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City Council Votes To Put Own Rent Control Measure On Ballot

Alameda City Council voted to put it's own rent control ordinance before voters this November. (File photo)

Alameda City Council voted to put its own rent control ordinance before voters this November. (File photo)

Sharp divides on city council were in evidence on Tuesday night as that body voted to put it’s own March, 2016, rent control ordinance on the November ballot, and then decided who will work on ballot arguments.

Vice Mayor Frank Matarrese chaired the meeting and Mayor Trish Spencer joined by teleconference.

Introducing the item, city clerk Lara Weisigar explained two key provisions of the ballot resolution:

  • If the measure is approved, Alameda city council would retain the right to amend or repeal the ordinance
  • If both the city’s measure and the Alameda Renters Coalition rent control measure are approved by voters, and the city’s measure gets more votes, provisions of the city’s measure will prevail
  • Paul Foreman, affiliated with the Alameda Citizens Task force, used his public comment time before city council to explore various scenarios that may play out of conflict between the stricter renters coalition measure and city’s measure, alluding to local attorney and blogger Robert Sullwold’s recent article that explored the same issues and the potential for litigation.

    Ultimately, Foreman came down on the side of putting the measure on the ballot, saying, “if both of these are not on the ballot, voters do not have a fair choice.”

    Eric Strimling, from the Alameda Renters Coalition, which is concerned that the city’s competing measure might spell defeat for its own, told council, “I would prefer to come up with a way for you to be neutral in this fight and let the ballot work…please avoid this battle. Please avoid the potential legal battles that may come after it.”

    After discussion, council ultimately voted 3-2 in favor of putting the measure on the ballot, with councilmembers Marilyn Ashcraft and and Jim Oddie voting against.

    Oddie, who defended the city’s work from dais on Tuesday night and in a recent op-ed piece in the Alameda Sun explained his vote saying, “maybe it’s not the city’s fight – maybe it’s between the [Alameda Renters Coalition] and the [California Apartment Association.]”

    The other four councilmembers gave no consideration to Spencer’s suggestions to clarify language in the ballot question text, made partly in response to correspondence from a resident.

    But the sharpest exchanges came during the council’s discussion of which councilmembers, if any, would work with city staff on ballot arguments and rebuttals in support of the city’s measure; the committee was limited to two councilmembers to avoid creating a city council quorum when they met to discuss the ballot statements.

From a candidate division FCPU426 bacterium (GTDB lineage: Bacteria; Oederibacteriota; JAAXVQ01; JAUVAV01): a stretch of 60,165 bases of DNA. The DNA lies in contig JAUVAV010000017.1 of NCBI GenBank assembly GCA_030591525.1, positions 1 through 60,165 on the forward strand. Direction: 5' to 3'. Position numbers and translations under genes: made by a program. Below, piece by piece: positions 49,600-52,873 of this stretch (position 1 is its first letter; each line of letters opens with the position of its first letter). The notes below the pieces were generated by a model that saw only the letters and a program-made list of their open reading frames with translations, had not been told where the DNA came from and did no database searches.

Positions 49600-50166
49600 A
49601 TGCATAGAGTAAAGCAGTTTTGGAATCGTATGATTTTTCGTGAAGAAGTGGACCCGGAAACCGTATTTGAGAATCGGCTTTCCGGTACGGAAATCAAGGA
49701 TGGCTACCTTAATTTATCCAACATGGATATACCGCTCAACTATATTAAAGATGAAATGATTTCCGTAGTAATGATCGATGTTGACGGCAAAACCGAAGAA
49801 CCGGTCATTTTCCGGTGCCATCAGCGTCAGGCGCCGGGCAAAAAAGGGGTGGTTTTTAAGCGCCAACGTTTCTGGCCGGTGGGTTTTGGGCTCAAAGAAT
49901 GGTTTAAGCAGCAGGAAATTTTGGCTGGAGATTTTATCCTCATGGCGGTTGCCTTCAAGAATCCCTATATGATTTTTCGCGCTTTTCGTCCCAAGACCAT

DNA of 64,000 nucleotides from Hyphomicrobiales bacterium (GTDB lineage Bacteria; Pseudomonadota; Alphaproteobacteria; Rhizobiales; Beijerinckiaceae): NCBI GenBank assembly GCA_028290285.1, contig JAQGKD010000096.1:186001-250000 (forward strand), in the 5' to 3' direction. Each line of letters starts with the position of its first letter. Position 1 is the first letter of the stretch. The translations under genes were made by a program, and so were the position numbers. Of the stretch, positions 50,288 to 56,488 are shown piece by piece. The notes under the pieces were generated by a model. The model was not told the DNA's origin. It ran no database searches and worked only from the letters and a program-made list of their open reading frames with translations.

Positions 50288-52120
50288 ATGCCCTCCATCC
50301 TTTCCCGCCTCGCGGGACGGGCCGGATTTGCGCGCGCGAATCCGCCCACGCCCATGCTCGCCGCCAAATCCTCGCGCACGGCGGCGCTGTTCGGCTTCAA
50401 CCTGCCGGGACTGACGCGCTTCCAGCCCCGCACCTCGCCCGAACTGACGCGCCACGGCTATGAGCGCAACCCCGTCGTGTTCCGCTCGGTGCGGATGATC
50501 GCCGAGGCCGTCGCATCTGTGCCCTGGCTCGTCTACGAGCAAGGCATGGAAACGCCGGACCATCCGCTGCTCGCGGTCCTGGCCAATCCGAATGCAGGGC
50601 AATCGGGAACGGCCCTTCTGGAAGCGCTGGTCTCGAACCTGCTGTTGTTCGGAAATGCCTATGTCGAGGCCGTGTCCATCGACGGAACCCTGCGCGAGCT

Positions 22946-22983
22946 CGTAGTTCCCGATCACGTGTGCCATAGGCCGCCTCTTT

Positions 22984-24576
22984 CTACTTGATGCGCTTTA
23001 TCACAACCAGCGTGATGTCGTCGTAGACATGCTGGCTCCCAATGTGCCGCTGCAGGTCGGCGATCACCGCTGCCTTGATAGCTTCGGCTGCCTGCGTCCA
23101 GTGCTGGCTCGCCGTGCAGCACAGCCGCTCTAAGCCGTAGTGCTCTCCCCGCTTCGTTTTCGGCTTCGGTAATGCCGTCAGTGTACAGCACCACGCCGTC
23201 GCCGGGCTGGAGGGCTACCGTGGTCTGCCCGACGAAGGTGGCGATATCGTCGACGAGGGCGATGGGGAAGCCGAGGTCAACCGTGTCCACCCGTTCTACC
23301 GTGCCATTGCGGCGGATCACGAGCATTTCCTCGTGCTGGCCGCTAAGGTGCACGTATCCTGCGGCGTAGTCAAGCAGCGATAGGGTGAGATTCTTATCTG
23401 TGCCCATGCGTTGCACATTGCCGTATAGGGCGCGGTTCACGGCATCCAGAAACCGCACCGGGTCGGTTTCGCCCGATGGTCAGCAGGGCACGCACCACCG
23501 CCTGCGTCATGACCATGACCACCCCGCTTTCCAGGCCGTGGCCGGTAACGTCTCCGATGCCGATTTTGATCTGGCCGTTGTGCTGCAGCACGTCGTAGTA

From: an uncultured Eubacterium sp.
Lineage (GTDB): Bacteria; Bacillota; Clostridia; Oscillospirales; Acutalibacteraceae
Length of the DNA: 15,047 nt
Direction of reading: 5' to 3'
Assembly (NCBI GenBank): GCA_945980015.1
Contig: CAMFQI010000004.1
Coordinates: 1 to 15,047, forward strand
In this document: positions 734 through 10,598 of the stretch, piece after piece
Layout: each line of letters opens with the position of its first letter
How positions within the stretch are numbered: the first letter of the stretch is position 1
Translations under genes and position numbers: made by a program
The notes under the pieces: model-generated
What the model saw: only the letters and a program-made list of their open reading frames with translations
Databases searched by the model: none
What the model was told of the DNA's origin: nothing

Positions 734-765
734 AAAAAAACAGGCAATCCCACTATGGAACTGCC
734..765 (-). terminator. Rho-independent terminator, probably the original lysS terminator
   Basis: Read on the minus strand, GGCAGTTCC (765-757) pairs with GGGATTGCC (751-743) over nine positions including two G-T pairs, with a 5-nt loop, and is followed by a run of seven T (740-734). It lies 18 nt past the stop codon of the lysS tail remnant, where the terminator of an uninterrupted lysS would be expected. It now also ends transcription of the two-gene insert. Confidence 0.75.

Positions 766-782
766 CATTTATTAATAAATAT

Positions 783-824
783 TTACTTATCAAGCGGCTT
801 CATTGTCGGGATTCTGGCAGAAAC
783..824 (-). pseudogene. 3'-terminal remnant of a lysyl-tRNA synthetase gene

Mayor Spencer offered to sit on the committee and councilmember Tony Daysog expressed a willingness to participate without insisting he join.

    However, Ashcraft and Oddie, both of whom have affiliations with the local firefighters union, objected to Spencer’s participation.

    They pointed to a ballot argument that Spencer filed against a different city-sponsored ballot measure, the Utility Modernization Act, a utility users tax measure that aims to raise an additional $1.5 million in tax revenue from communications services, and voter-ratify a long-standing annual $3 million transfer of revenue from Alameda Municipal Power to the city’s general fund.

    Spencer’s statement argues that the tax measure does not restrict the funds from being used for public employee salary increases, instead of parks, libraries and other services for city residents; Alameda firefighters, are, of course, among those public employees, and the firefighters’ political committee spent $2,000 in Hayward in June to help pass Measure D, a similar utility users tax measure.

    Ashcraft motioned for herself and Oddie, who had just moments earlier voted against putting the measure under discussion on the ballot, to form the ballot argument committee, saying that she “wants the opportunity to highlight the strengths of the city’s [rent control] measure.”

    Spencer, who voted against putting the Utility Modernization Act measure on the ballot, objected, on the grounds that the two councilmembers who voted against putting the measure on the ballot shouldn’t be in charge of writing the arguments in favor of it.

    Oddie shot back, in an indirect reference to Spencer’s arguments against the utility tax measure, without mentioning her by name, that the duo would do the city’s measure justice, and that even though they voted against putting the rent control measure on the ballot, they wouldn’t, “unlike other councilmembers, undermine” that body’s work.

    In the end, council voted unanimously to have Ashcraft and Oddie form the committee, work with city staff to craft ballot statements, and allow for other councilmembers to sign their names to the arguments if they so choose.

    Arguments “for” and “against” the measure are due August 18th, and rebuttals are due August 25th.

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